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Is Trading One Cryptocurrency For Another A Taxable Event?

Tax Accounting

Is Trading One Cryptocurrency For Another A Taxable Event?
Learn about the regulations and tax implications of trading one cryptocurrency for another and more in our comprehensive guide.
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The Internal Revenue Service (IRS) has made it clear that the sale of a digital asset for fiat currency (e.g., US Dollars) qualifies as a taxable event that must be reported. And because cryptocurrencies are considered digital assets for tax purposes, the same rules apply. As a result, the sale of cryptocurrency for fiat currency must be reported on tax documents, and any resulting gain or loss must be claimed. Gone are the days when tax regulators turned a blind eye to cryptocurrency investments and profits. 

While the tax implications of selling cryptocurrency for fiat currency are now well established, the tax situation surrounding the exchange of one cryptocurrency for another is murkier. In this article, we will directly answer the question of whether trading one cryptocurrency for another is a taxable event, and we will also provide some additional information about the tax treatment of similar cryptocurrency activities. Let’s start with a quick summary before taking a closer look at how the IRS views cryptocurrency transactions generally and cryptocurrency-to-cryptocurrency exchanges more specifically.

Summary

The short answer is that exchanging one cryptocurrency for another cryptocurrency creates a taxable event and must be reported. However, not all crypto-to-crypto exchanges require you to pay taxes. Keep reading below to learn about the regulations governing crypto-to-crypto exchanges as well as the framework you can use to calculate your crypto-to-crypto exchange tax obligations.

IRS Guidance On The Tax Treatment Of Cryptocurrency-To-Cryptocurrency Exchanges

Tax Treatment Of Crypto Assets

Generally speaking, the IRS treats cryptocurrency assets like property rather than currency. In terms of tax treatment, cryptocurrency is most analogous to stocks and bonds. “Like these assets, the money you gain from crypto is taxed at different rates, either as capital gains or as income, depending on how you got your crypto and how long you held on to it.” 

Before we get into the details of crypto-to-crypto exchanges, it is important to understand that not every crypto transaction is taxable. In order for a specific crypto transaction or activity to be taxable, a taxable event must occur. “A taxable event is any action or transaction that may result in taxes owed to the government.” So, in order to determine tax liability, crypto investors must first identify if a taxable event has occurred. If a taxable event occurred, then the investor must identify how the cryptocurrency was used in order to determine the amount of taxes owed.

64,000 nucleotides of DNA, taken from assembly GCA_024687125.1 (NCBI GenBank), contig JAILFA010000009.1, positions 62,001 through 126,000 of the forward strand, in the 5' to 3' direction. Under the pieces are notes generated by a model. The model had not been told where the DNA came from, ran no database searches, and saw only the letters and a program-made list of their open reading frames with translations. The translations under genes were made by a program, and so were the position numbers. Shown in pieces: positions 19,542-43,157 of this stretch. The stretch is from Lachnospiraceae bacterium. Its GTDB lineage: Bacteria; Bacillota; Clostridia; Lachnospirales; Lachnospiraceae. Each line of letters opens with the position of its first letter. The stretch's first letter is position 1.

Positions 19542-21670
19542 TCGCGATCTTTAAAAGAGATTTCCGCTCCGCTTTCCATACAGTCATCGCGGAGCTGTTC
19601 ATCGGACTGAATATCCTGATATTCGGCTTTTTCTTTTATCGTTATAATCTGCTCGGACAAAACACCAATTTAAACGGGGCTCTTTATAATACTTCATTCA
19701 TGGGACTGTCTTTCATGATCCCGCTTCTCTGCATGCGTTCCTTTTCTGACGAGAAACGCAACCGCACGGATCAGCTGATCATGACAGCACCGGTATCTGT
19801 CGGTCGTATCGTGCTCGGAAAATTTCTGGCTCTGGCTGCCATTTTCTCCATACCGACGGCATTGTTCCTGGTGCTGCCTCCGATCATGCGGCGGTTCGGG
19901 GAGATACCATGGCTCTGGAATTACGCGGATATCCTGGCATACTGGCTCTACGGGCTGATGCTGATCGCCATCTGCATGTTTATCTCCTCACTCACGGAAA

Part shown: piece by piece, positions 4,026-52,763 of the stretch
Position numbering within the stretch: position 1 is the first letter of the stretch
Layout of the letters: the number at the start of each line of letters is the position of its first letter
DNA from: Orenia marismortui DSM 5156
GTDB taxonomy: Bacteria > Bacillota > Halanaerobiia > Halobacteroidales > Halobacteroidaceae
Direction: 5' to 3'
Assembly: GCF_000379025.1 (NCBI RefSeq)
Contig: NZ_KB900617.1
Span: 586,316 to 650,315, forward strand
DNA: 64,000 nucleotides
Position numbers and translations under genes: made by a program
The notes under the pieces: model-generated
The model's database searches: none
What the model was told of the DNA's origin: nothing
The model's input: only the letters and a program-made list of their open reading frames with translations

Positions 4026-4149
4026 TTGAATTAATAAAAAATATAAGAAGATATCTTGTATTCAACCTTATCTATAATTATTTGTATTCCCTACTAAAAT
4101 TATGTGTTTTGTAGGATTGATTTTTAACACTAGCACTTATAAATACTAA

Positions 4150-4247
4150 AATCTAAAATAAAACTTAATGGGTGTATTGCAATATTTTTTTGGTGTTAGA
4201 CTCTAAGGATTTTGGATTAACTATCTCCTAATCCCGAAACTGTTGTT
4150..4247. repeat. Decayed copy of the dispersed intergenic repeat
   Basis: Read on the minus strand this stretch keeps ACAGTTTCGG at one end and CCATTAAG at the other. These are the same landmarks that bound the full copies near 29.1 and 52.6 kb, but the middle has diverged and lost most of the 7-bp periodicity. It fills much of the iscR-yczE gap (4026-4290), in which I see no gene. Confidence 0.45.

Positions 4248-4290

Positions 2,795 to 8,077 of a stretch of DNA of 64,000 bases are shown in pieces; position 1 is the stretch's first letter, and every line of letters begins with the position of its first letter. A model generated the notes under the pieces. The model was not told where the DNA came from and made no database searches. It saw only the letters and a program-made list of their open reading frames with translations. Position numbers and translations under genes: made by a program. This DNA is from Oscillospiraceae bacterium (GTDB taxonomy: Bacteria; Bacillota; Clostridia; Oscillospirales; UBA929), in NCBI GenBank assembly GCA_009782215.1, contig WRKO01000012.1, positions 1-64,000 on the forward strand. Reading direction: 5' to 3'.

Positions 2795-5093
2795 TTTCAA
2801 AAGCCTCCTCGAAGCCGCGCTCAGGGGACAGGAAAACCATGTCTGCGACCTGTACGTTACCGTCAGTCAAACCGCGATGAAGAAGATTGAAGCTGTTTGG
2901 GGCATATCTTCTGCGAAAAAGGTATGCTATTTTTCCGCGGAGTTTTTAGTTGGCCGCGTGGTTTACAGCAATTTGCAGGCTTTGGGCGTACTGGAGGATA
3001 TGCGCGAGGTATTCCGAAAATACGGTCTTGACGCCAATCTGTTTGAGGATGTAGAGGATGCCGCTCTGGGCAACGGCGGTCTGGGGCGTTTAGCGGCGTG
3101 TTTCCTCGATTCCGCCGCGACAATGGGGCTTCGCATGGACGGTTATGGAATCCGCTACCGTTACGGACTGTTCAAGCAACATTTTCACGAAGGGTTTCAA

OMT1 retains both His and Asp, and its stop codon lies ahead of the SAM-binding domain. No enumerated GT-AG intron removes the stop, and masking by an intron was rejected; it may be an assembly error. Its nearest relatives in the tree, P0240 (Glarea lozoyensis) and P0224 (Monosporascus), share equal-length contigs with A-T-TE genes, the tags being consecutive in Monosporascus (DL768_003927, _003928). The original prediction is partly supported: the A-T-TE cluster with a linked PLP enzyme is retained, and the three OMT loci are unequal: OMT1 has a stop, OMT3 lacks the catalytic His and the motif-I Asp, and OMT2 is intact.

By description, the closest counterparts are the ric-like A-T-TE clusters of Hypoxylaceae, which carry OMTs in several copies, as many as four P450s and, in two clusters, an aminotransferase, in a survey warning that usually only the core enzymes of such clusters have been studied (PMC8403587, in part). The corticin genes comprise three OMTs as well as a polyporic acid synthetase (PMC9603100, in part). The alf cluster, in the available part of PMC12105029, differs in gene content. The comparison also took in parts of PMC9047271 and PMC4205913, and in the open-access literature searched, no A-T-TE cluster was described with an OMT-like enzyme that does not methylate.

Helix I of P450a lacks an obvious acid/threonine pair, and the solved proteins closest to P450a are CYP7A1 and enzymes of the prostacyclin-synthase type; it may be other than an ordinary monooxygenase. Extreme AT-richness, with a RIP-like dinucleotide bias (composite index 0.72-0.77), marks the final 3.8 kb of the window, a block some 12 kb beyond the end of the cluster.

What counts as a taxable event?

There are several kinds of cryptocurrency transactions that do not constitute a taxable event and, therefore, do not trigger tax liability. In general, the following types of crypto transactions are not taxed:

  • Buying crypto with cash and holding it: On its own, buying crypto with cash and holding it is not taxable because a taxable event has not occurred. Tax liability is only triggered when the crypto is sold or otherwise transferred, exchanged, or disposed of in a manner that creates a taxable event. 
  • Donating crypto to a tax-exempt charity or non-profit organization: Donating crypto to a 501(c)(3) not-for-profit organization is tax deductible in most instances. 
  • Receiving crypto as a gift: Crypto gifts are treated similarly to buying and holding crypto - tax liability generally does not come into play until the crypto is transferred, exchanged, or disposed of in a manner that creates a taxable event. 
  • Giving crypto as a gift: Currently, with some rare exceptions, you can gift up to $16,000 worth of crypto per recipient without incurring any tax liability. While gifting crypto is often tax-free, it should be reported in most instances. 
  • Transferring crypto to yourself: Businesses and active crypto investors generally have multiple wallets and/or crypto accounts. Luckily, you can transfer cryptocurrency to your other wallets and accounts without creating a taxable event. In fact, “you can transfer over your original cost basis and date acquired to continue tracking your potential tax impact for when you eventually sell.”

Unlike the crypto transactions listed above, many common types of crypto transactions do constitute a taxable event. Accordingly, the following type of crypto transactions do incur tax liability and should be reported to the IRS: